Her Campus Logo Her Campus Logo
10 Things I Hate About You Julia Stiles Heath Ledger
10 Things I Hate About You Julia Stiles Heath Ledger
Touchstone Pictures

Iconic Female Characters to Emulate this Cuffing Season

The opinions expressed in this article are the writer’s own and do not reflect the views of Her Campus.
This article is written by a student writer from the Her Campus at Emmanuel chapter.

Along with the falling leaves and a crisp chill returning to the air, the inevitable upsurge of adorable couples is already beginning. As a single person, it is paramount to refuse any discouragement from the effects of this season. One can look to the countless female characters who incarnate the value of independence (and a healthy amount of cynicism). I collected five of my favorite female icons who perfectly encompass my attitude to surviving cuffing season. 

Starting off bold and unforgiving, there is the one and only Miranda Priestly from The Devil Wears Prada. This woman unapologetically commands and receives respect from every person who enters her radius. Though her methods may be perceived as harsh, in many ways she is simply responding in a way we typically view as masculine. She is only viewed as harsh and overbearing because she’s a woman. These “harsher” methods would not be questioned if she was a man. It is important to recognize these discrepancies and use them to our advantage. Command the room, state your opinions proudly. Do not allow yourself to be interrupted, and do not let anyone stand in the way of how you want to get the job done. 

Continuing with breaking societal standards and feminine expectations, we have Elizabeth Bennet from Pride and Prejudice. She personifies rejecting social expectations for women in a potentially perilous way for her time period. She did not prioritize marriage, nor accept menial proposals out of desperation. It was expected of her to marry rich, and yet she did not buy into this notion. She did not focus on developing feminine qualities that would make her more attractive as a housewife but rather prioritized doing what she liked: reading, walking, and laughing as much as possible. She did not place her worth in material skills or goods and should be revered for her evident intelligence and resilience.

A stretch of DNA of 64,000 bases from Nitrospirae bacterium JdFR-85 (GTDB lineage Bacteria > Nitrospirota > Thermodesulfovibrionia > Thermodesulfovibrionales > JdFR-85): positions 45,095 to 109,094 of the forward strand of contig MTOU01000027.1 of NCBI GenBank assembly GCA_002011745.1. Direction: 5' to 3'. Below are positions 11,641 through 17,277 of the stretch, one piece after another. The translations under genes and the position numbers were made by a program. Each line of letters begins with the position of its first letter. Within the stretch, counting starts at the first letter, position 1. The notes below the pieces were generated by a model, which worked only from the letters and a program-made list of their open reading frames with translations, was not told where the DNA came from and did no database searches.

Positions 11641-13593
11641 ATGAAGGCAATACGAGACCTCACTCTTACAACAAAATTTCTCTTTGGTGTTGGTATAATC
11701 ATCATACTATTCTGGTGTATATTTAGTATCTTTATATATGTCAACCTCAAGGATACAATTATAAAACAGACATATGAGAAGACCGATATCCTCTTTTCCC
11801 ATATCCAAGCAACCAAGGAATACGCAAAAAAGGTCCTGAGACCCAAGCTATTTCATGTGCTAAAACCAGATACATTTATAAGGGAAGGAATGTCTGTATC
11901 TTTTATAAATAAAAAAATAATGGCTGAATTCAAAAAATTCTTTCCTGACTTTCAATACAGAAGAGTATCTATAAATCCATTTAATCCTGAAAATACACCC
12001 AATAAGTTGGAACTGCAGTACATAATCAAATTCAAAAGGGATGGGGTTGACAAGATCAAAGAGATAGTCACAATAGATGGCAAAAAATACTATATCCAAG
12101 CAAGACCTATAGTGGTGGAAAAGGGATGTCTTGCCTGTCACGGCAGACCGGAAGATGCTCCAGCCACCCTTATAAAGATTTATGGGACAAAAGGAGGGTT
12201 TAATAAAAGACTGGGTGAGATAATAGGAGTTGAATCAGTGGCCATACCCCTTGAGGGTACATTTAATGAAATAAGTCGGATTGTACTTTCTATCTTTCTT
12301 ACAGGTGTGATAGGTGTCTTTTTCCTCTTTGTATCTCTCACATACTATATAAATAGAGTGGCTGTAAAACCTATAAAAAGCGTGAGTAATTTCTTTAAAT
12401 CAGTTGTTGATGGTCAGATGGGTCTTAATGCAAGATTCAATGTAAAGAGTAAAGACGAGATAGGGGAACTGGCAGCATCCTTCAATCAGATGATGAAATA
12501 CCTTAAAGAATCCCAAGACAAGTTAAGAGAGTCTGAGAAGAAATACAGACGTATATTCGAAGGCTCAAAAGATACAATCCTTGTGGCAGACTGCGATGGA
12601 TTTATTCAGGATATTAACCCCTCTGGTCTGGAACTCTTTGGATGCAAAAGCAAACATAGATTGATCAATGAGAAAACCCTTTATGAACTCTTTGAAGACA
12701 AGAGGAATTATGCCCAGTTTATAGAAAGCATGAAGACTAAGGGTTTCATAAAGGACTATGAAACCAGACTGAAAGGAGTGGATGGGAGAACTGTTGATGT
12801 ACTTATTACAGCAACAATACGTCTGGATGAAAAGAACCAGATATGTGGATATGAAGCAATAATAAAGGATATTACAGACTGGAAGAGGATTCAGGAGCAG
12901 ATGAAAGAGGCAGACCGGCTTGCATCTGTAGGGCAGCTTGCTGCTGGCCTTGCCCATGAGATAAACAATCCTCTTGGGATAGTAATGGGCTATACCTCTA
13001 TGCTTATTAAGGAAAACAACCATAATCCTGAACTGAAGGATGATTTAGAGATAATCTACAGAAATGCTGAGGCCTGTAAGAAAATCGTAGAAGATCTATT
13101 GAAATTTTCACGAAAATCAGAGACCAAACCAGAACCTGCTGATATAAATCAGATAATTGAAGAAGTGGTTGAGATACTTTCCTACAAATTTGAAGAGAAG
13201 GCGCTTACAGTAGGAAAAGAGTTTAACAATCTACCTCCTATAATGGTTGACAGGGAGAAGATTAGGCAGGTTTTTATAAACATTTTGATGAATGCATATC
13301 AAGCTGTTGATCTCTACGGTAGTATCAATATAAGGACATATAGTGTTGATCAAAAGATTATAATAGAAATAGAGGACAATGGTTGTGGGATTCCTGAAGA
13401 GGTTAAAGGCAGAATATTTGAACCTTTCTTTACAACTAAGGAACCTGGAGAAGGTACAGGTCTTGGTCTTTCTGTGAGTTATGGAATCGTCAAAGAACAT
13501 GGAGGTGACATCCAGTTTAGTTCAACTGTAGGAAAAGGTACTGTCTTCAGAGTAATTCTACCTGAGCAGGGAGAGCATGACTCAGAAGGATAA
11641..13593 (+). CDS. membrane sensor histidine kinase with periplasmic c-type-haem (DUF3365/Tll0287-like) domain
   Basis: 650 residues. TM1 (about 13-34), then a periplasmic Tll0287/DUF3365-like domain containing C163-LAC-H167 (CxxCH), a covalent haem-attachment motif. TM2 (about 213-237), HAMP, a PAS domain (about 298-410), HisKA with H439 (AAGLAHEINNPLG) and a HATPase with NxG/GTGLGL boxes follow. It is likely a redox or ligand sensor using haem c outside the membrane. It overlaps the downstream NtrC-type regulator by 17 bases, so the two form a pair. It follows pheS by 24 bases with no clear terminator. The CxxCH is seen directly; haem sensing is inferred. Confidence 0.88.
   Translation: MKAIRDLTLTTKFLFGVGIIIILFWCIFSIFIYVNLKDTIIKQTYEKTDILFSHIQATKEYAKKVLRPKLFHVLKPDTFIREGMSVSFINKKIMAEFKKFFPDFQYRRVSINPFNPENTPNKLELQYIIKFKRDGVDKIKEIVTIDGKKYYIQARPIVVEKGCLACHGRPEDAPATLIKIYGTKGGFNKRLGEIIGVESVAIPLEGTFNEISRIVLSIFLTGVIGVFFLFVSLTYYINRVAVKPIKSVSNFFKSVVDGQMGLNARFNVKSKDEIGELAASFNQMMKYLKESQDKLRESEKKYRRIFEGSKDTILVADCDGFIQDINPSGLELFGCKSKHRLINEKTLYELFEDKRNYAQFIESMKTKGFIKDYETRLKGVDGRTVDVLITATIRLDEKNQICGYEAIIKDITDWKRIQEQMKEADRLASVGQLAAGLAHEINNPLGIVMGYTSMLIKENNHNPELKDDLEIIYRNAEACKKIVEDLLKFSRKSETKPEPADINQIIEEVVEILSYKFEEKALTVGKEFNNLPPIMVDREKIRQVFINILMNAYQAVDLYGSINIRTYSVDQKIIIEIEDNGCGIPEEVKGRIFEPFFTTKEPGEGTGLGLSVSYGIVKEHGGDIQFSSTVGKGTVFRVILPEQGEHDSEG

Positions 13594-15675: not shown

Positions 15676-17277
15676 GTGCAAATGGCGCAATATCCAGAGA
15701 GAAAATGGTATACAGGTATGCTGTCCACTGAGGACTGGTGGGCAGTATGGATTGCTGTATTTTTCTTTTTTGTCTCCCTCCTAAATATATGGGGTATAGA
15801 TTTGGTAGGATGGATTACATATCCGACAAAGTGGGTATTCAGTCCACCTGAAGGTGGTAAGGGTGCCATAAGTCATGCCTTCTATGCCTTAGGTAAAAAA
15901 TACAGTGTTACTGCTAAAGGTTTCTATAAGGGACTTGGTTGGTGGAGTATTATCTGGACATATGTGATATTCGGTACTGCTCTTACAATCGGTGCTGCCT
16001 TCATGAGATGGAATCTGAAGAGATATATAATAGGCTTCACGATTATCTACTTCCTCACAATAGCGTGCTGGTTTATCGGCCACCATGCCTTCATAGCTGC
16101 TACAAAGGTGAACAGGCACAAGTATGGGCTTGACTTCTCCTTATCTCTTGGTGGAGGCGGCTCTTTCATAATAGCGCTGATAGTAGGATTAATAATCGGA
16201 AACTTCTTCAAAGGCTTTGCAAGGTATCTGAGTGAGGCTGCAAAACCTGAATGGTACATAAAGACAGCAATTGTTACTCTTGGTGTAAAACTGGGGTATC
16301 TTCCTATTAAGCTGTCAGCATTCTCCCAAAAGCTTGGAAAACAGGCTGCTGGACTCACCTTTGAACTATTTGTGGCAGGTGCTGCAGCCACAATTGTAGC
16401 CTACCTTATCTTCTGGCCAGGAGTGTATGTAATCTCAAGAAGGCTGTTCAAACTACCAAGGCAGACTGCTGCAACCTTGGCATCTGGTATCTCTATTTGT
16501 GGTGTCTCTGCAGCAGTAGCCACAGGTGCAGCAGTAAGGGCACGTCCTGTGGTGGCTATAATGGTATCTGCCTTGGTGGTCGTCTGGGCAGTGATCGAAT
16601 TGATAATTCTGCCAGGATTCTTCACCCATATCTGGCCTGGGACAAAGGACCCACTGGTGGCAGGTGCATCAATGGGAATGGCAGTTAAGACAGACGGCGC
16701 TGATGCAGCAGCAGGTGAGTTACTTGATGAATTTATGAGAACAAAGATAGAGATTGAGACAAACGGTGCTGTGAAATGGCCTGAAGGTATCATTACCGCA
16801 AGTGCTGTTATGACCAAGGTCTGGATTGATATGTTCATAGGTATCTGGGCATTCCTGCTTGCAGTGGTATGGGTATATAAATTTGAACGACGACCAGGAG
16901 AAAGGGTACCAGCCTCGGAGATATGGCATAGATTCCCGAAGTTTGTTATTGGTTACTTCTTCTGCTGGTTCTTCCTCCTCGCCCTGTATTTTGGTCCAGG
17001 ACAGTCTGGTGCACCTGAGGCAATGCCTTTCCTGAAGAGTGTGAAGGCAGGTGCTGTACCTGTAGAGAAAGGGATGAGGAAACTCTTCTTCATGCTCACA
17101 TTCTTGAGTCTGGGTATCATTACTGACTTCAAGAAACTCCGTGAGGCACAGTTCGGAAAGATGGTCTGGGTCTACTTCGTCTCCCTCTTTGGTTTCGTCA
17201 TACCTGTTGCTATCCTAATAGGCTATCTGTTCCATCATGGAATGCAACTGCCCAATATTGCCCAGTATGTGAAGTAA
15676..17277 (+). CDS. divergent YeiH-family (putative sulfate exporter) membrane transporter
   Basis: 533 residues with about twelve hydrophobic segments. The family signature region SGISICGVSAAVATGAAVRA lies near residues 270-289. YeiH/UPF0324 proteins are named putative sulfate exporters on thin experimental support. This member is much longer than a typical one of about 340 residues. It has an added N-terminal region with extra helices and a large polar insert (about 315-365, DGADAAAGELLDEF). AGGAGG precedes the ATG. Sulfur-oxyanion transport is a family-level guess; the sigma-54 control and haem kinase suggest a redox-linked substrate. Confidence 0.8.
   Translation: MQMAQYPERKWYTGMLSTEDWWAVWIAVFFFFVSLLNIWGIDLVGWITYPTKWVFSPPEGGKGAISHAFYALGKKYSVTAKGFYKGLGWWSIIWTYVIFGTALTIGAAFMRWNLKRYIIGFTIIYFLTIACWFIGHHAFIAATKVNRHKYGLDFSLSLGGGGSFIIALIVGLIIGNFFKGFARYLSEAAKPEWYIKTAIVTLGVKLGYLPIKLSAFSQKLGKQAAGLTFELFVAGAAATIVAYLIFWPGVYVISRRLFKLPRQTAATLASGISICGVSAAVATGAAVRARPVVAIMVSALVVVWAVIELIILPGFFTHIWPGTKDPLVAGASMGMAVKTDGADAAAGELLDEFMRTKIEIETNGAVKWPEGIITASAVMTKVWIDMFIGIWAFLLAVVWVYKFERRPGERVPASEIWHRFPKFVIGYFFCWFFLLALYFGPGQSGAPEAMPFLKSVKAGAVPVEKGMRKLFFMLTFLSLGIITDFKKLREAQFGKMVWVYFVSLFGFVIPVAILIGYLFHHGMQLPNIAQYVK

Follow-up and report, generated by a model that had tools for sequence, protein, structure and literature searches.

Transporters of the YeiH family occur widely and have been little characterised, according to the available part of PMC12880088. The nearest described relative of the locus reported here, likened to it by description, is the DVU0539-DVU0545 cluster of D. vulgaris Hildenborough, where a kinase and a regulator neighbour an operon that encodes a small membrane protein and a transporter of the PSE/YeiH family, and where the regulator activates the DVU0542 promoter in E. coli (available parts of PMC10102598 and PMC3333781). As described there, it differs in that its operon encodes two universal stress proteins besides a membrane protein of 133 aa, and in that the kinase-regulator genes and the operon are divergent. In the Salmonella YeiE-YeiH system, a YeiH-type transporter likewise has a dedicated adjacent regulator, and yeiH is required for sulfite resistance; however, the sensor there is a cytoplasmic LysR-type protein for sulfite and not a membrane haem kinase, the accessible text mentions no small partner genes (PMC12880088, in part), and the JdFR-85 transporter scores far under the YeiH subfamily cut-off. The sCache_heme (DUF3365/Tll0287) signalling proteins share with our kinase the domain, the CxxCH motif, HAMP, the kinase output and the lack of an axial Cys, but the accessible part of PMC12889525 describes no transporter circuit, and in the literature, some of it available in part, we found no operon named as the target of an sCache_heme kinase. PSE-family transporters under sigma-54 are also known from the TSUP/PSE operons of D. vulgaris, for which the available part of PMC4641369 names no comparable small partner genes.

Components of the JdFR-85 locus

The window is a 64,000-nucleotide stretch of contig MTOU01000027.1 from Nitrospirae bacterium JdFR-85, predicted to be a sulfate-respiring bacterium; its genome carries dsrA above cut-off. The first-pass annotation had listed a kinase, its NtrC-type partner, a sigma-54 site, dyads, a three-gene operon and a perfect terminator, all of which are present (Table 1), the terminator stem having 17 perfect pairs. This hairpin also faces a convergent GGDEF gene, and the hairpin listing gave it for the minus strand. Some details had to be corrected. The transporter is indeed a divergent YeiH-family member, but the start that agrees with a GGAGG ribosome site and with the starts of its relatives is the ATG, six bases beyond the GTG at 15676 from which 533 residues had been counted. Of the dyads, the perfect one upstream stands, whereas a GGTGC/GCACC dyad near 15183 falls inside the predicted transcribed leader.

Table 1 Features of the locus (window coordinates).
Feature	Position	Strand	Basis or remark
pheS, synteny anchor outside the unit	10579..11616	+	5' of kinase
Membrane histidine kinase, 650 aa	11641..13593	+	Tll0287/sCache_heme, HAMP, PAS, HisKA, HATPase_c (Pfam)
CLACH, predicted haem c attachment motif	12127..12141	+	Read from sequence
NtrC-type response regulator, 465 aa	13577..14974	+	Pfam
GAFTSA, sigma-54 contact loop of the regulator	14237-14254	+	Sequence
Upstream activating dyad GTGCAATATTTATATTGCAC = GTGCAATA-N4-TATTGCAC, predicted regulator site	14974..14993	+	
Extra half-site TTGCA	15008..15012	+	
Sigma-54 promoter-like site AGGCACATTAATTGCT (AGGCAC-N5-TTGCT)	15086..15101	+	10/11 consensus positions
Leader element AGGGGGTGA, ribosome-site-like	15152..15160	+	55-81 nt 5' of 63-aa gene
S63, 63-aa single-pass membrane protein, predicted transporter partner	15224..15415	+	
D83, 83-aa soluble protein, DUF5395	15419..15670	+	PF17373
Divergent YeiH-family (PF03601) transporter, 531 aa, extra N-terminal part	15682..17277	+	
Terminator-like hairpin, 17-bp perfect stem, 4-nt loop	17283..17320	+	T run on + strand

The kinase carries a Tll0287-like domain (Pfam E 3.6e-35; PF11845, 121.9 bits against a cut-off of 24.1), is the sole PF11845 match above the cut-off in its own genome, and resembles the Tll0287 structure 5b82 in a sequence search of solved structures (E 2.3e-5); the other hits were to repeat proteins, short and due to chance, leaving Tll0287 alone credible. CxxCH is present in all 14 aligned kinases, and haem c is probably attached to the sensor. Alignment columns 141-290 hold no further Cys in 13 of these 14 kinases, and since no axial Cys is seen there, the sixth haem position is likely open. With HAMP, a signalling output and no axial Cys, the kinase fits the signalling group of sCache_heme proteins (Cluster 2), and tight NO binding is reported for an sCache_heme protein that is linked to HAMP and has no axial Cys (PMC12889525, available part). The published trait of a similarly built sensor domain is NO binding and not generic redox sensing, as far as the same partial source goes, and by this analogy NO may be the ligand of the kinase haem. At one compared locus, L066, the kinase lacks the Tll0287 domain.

The main icon for hard work and determination, I present Tiana from Princess and the Frog. Romantic love was never her priority because she had an abundance of familial love and dedication to drive her every day. This notion of focusing on what we do have rather than what we lack (and others might have) makes for a more fulfilled life. Though she did have to learn to balance work and self care, her work and ambition is what pushed her to develop strong moral character and can be an incredible example of hope and achievement of dreams despite difficult circumstances. 

This article would be incomplete without Kat Stratford, from 10 Things I Hate About You, the embodiment of chronic feminine disinterest and disgust. Kat is a quintessential representation of what a woman’s focus should be as a young adult. She has strong opinions, is well educated in those opinions, and is not afraid to express them. My favorite aspect of her character is how diverse her interests are: electric guitar, influential female literature, and soccer. Expanding your hobbies is an incredible way to better yourself as an individual and fill up spare time that otherwise might be spent wallowing. 

I saved the best for last with my personal favorite feminist icon, Megara from Hercules. This is a woman who has been hardened by past experiences and become incredibly cynical (a highly relatable trait). Her pain forced her to become independent and self-sufficient for her own protection. Despite these challenges she does not give up hope and allows herself to trust again.The courageous final step of true independence is allowing yourself to be dependent when you need it and not letting your pain define you or your future. 

Imitating the strengths outlined by these icons, I am going to spend this cuffing season minding my own business and curating the woman I want to be rather than worrying about anyone else. This realization of  power makes for a much more enjoyable, refreshing autumn season. 

Lillian Bittman

Emmanuel '26

Currently a first year in college, I am learning the ropes of a totally new phase of life. After graduating high school, I took a gap year and spent a semester abroad exploring the wealthy expanse of art history residing in Western Europe. I spent the rest of my year working to pay off my trip and saving up for college. My passions include (obviously) art history, architecture, painting, human rights, international relations, fashion, crocheting, and willow trees – (looking at or sitting under). I always look for new beautiful places to romanticize simply existing.